Launching alongside Star Fox Zero, Star Fox Guard is a new take on the tower defense genre. It was a game that no one was expecting, and honestly, I never thought it was a game I wanted. Come, sit closer to the camera and I’ll tell you about it.

In Star Fox Guard, you play as your Mii who has been hired by Grippy Toad, Slippy’s uncle. Despite the Lylat system being engulfed by war, business goes on, and the one business that is doing better than others is the mining industry. Grippy’s business is doing so well that other mining corps have started sending sabotage robots to the mining operations. You’ve been hired to watch the depot and protect things. Each depot is protected by a series of 12 cameras kitted out with laser turrets, but don’t worry: you’re sitting safely in your control room. Hopefully, miles from the depot. Your job is simply to blast the saboteur robots that teleport in and invade the depot.

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The game itself presents the twelve camera views to you on your TV, with the central view being taken up by the active camera. Any button will fire the lasers, and you can look around with the analog sticks. The Wii U GamePad offers a top-down schematic view of the depot, and you select the active camera from here. Your enemies will send two different classes of robot at you: the first type is known as a distraction robot, and these ones will mess with the camera systems. The other type, the saboteurs proper, will head straight for the mining core and try to destroy the operation. Your job is actually quite simple: destroy the destruction robots only. The distraction robots don’t count towards the level’s completion, and will flee if you manage to destroy all the saboteurs. Destroying robots nets you metal scrap which you use to level up, offering you more cameras, bonus levels, and so on. Destroying all the robots in a level nets you bonus scrap.

My first thought when playing this game: how hard can this be? I was so wrong. So, so very wrong. The difficulty ramps up with dizzying rapidity, and you’ll soon start facing off against multiple different types of robot. The first stage shows you one of each type. One distractor, one destroyer. And then the distractors start exploding into clouds of smoke, hiding the destroyers. And then destroyers start coming in with shielded fronts, meaning you have to use a separate camera to attack from behind. And they come thick and fast and which camera do you concentrate on and why are there three at once and why is camera five suddenly offline I didn’t see a robot coming and oh sweet lord one’s already at the mining core and you just lost the level.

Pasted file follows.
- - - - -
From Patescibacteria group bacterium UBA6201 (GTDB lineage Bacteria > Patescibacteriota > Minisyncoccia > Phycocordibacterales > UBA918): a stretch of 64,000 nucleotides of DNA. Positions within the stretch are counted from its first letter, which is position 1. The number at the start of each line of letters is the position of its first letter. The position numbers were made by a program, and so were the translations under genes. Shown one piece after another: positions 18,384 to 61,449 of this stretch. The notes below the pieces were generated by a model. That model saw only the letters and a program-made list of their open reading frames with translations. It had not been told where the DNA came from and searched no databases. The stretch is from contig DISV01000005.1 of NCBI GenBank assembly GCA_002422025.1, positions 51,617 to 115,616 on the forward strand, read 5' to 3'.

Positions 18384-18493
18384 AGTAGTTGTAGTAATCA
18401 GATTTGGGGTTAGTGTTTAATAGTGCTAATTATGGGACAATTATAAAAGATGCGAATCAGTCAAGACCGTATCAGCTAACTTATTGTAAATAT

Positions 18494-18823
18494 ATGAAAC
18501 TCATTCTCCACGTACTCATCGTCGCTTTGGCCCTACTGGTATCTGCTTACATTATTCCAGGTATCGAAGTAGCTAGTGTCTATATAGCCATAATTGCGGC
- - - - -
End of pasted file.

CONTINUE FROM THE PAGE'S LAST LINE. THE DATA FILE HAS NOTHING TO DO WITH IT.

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It’s awesome. If it was professional to put emoticons into reviews, you’d see a giant grin here.

At the end of each level, whether you won on lost, you’ll be able to review how the stage played out, showing you the weaknesses in your defenses and allowing you to move the cameras to more opportune positions, or see exactly when you should be paying attention to which camera. You don’t have to perform this stage review, but it does make things easier the next time around. Or you can use to see what a jolly clever clogs you happened to be, if you’re into patting yourself on the back a lot.

In addition to the main story missions, the game allows you create an attack pattern of robots to send against others online. Creating this pattern is simple: you drag and drop robots into a timeline, with each of the numbered lines denoting a doorway to attack. You then send your robot attack out onto the internet and wait while people try to defeat your saboteurs. If your robots are destroyed, you lose rank, but if they destroy an opponent’s depot, you get the rank points. When someone has played your level, you get a chance to see how it played out, allowing you the chance to adjust your attack patterns. In truth, it was more fun to take on other people’s attacks than send mine out, but other people’s mileage may vary.

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I found Star Fox Guard a brilliant innovation on the tower defense genre. Somehow, it just works, and I think this is one case where it’d be difficult to pull off the game on another console. The two screens mechanic is what makes Star Fox Guard the gem that it is, and even though it bears the Star Fox name, it stands up strongly on its own, and then some.

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